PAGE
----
Janbiya / Jambiya

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The Janbiya (“Jambiya”) and variants, including Koumiya, Shabria, Khanjar, Khanjarli. There is a long history of the janbiya.  Evidence of the oldest janbiyas show they were worn in Sheban times, in the Himiarite kingdom; a statue of the Sheban king dating from 500 B.C. includes a janbiya. Today, the janbiya is the main customary accessory to the clothing worn by traditionally garbed Arab men. A man’s janbiya is carefully protected and worn for life; almost an indispensable part of their personalities. It is said that no man is complete without his janbiya.

The Jewish artisans of Yemen proved to be great geniuses in manufacturing the janbiya and it became their exclusive profession. Individuals and sometimes entire families gained celebrity for their fine workmanship of the janbiya. That tradition in Yemen largely ended when virtually all Jewish Yemenis migrated to Israel around 1949.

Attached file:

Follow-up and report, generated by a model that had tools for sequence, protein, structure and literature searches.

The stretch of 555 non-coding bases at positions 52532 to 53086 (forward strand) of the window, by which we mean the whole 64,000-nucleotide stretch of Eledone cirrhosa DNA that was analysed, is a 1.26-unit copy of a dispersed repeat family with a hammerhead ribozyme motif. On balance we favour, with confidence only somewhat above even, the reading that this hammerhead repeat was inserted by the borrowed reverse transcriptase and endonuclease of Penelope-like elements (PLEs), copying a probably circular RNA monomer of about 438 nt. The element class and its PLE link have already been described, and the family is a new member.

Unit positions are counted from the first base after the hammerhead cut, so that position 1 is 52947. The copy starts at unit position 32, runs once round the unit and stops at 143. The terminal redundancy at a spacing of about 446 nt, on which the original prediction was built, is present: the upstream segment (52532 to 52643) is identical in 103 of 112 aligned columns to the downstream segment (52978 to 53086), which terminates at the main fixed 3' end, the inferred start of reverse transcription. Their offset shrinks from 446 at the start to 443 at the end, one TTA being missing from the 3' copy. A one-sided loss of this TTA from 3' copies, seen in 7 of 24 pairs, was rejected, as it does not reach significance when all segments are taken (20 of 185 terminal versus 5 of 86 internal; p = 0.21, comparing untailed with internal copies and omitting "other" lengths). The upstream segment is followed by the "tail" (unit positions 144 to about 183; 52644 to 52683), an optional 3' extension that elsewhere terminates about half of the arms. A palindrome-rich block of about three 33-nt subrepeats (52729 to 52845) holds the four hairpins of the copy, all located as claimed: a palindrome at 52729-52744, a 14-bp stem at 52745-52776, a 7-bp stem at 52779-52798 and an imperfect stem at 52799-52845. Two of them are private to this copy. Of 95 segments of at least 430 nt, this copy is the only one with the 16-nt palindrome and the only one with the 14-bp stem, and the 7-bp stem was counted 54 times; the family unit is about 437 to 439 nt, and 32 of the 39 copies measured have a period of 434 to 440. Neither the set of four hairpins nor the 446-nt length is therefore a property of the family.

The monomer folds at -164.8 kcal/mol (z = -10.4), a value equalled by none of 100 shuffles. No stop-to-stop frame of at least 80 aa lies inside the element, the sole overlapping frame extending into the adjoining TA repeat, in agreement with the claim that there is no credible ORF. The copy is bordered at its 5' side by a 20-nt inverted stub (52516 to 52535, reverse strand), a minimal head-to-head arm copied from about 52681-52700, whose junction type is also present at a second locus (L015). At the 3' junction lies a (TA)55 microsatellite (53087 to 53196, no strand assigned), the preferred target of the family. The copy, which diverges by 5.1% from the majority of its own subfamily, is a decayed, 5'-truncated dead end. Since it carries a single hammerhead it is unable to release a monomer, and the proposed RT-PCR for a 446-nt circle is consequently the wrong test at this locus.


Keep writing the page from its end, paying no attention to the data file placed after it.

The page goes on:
Like many edged weapons in other cultures, the jambiya has acquired a history of magical thinking. There are stories of jambiya’s used to treat snakebites, and others that are helpful in recovery from traffic accidents!

Many people in the Hajjah region of Yemen believe that some janbiyas make one’s skin and face shine when they are worn.

The janbiya is worn around the waist, either vertically in front (as with the Yemeni 'aseeb janbiya) or angled (as with the Yemini tuza jambiya), or horizontally at the waist in front (e.g., the Saudi-Yemeni dharia). The name “janbiya” is from “jamb” which in Arabic means “side”.  The man in this photo has his turned towards the front, typical of those who carry this type of jambiya, called a "Dharia".

He who abandons his janbiya, whatever the conditions, would be defamed by his peers and acquaintances. Furthermore, tradition says the janbiya should never come out of its sheath except in extreme cases ... or when it is used in ceremony, for example, the khanjar in the famous Yemeni dance called “bara’a”.


A Variety of Janbiya